"It has been remarked that the peculiarly English habit of self-suppression in matters of the emotion puts the Englishman at a great disadvantage in moments of unusual stresses. In the smaller matters of the general run of life he will be impeccable and not to be moved; but in sudden confrontations of anything but physical dangers he is apt—he is, indeed, almost certain—to go to pieces very badly.
This, at least, was the view of Christopher Tietjens, and he very much dreaded his interview with Lord Port Scatho—because he feared that he must be near breaking point.
In electing to be peculiarly English in habits and in as much of his temperament as he could control—for, though no man can choose the land of his birth or his ancestry, he can, if he have industry and determination, so watch over himself as materially to modify his automatic habits—Tietjens had quite advisedly and of set purpose adopted a habit of behaviour that he considered to be the best in the world for the normal life. If every day and all day long you chatter at high pitch and with the logic and lucidity of the Frenchman; if you shout in self-assertion, with your hat on your stomach, bowing from a stiff spine and by implication threaten all day long to shoot your interlocutor, like the Prussian; if you are as lachrymally emotional as the Italian, or as drily and epigrammatically imbecile over inessentials as the American, you will have a noisy, troublesome and thoughtless society without any of the surface calm that should distinguish the atmosphere of men when they are together. You will never have deep arm-chairs in which to sit for hours in clubs, thinking of nothing at all—or of the off-theory in bowling. On the other hand, in the face of death—except at sea, by fire, railway accident, or accidental drowning in rivers; in the face of madness, passion, dishonour or—and particularly—prolonged mental strain, you will have all the disadvantages of the beginner at any game and may come off very badly indeed. Fortunately death, love, public dishonour and the like are rare occurrences in the life of the average man, so that the great advantage would seem to have lain with English society; at any rate before the later months of the year 1914. Death for man came but once: the danger of death so seldom as to be practically negligible: love of a distracting kind was a disease merely of the weak: public dishonour for persons of position, so great was the hushing-up power of the ruling class and the power of absorption of the remoter Colonies, was practically unknown.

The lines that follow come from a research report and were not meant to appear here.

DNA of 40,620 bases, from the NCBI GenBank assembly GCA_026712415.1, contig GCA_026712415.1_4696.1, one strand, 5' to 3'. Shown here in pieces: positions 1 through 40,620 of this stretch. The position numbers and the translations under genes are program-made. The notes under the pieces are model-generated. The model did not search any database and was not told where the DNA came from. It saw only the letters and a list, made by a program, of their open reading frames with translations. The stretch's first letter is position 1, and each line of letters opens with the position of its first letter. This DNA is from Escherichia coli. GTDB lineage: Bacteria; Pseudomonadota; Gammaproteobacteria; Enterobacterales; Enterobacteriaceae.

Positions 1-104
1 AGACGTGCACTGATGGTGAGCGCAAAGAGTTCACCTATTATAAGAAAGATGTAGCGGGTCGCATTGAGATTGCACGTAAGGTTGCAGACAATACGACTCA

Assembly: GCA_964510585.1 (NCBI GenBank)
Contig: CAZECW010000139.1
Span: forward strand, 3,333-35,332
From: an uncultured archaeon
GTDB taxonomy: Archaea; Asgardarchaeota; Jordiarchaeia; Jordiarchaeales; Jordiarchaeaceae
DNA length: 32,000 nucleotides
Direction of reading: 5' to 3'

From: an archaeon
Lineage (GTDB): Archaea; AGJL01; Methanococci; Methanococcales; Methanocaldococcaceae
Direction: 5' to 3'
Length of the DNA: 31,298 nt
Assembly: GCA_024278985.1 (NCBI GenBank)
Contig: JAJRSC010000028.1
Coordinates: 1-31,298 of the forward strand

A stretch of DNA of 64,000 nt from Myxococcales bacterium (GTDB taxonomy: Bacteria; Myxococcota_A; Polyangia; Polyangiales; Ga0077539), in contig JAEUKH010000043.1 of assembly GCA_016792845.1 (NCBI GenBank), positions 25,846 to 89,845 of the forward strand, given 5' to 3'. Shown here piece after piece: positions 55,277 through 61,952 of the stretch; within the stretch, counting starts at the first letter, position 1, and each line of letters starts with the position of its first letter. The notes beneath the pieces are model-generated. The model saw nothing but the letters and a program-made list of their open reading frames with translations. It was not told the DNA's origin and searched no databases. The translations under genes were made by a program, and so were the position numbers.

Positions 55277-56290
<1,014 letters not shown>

Tietjens found himself now faced by all these things, coming upon him cumulatively and rather suddenly, and he had before him an interview that might cover them all and with a man whom he much respected and very much desired not to hurt."
Ford Madox Ford, Parade's End
Mr Ford, just being very Austenesque at the beginning of a chapter.